Brewers of South Suburbia
Brixie's Brewers
Oak Park Homebrewers

Offline majorvices

  • Global Moderator
  • Official Poobah of No Life.
  • *****
  • Posts: 6308
  • Polka. If its too loud you're too young.
    • View Profile
    • Yellowhammer Brewing Company
Making Invert Sugar: table sugar vs. raw sugar
« Reply #10 on: December 20, 2012, 08:15:10 AM »
Supposedly invert sugar is easier for the yeast to digest. In my experience there was no difference when I tried it, from the results with regular sugar.
Keith Y.
Self appointed "All Grain" section pruner

Online kramerog

  • Brewmaster
  • *****
  • Posts: 784
    • View Profile
Re: Making Invert Sugar: table sugar vs. raw sugar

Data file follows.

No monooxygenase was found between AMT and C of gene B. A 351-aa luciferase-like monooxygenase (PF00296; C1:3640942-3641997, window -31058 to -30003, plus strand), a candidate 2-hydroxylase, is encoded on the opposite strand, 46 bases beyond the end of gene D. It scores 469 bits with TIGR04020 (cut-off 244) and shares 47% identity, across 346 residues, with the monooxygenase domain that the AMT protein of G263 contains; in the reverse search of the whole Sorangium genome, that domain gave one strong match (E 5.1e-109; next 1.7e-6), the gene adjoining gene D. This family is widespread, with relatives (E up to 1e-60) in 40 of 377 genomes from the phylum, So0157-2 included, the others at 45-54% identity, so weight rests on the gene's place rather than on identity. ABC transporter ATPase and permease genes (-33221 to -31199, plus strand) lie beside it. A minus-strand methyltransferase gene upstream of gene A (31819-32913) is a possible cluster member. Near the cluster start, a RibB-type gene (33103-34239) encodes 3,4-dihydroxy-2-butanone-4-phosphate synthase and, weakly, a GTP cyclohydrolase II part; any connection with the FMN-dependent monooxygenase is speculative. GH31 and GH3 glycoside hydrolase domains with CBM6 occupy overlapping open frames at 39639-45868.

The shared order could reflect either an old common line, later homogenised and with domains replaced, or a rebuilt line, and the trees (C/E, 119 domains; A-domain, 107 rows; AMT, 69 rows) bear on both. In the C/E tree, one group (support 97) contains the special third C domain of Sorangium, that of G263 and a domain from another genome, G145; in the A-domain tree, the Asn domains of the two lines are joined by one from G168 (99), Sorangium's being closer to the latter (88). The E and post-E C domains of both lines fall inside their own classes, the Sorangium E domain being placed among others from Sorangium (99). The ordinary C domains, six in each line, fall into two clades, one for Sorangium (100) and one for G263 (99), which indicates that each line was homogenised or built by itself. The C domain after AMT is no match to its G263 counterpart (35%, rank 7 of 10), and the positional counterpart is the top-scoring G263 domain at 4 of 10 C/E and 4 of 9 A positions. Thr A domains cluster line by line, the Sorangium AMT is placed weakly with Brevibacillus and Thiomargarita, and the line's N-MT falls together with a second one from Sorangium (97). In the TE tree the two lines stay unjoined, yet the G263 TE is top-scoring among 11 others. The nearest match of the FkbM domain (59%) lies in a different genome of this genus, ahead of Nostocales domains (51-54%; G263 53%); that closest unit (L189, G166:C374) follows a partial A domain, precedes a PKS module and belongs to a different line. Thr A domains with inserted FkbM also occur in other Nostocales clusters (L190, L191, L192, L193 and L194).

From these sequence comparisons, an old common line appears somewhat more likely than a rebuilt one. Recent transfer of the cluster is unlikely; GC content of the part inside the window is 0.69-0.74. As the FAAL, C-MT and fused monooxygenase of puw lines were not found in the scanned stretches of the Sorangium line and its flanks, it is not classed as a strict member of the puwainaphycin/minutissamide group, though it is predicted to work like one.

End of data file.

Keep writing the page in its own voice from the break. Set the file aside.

« Reply #11 on: December 20, 2012, 08:32:38 AM »
Supposedly invert sugar is easier for the yeast to digest. In my experience there was no difference when I tried it, from the results with regular sugar.

I've heard that before, but I'm skeptical at higher gravities.  I think gravity is how brewer's indirectly measure osmolarity so at higher gravity, the osmolarity makes it increasingly difficult for yeast to regulate their internal environment.  Invert sugars cause higher osmolarity at the same gravity since inverting creates a glucose and fructose from each sucrose.
Brewers of South Suburbia
Brixie's Brewers
Oak Park Homebrewers

Offline majorvices

  • Global Moderator
  • Official Poobah of No Life.
  • *****
  • Posts: 6308
  • Polka. If its too loud you're too young.
    • View Profile
    • Yellowhammer Brewing Company
Making Invert Sugar: table sugar vs. raw sugar
« Reply #12 on: December 20, 2012, 09:07:50 AM »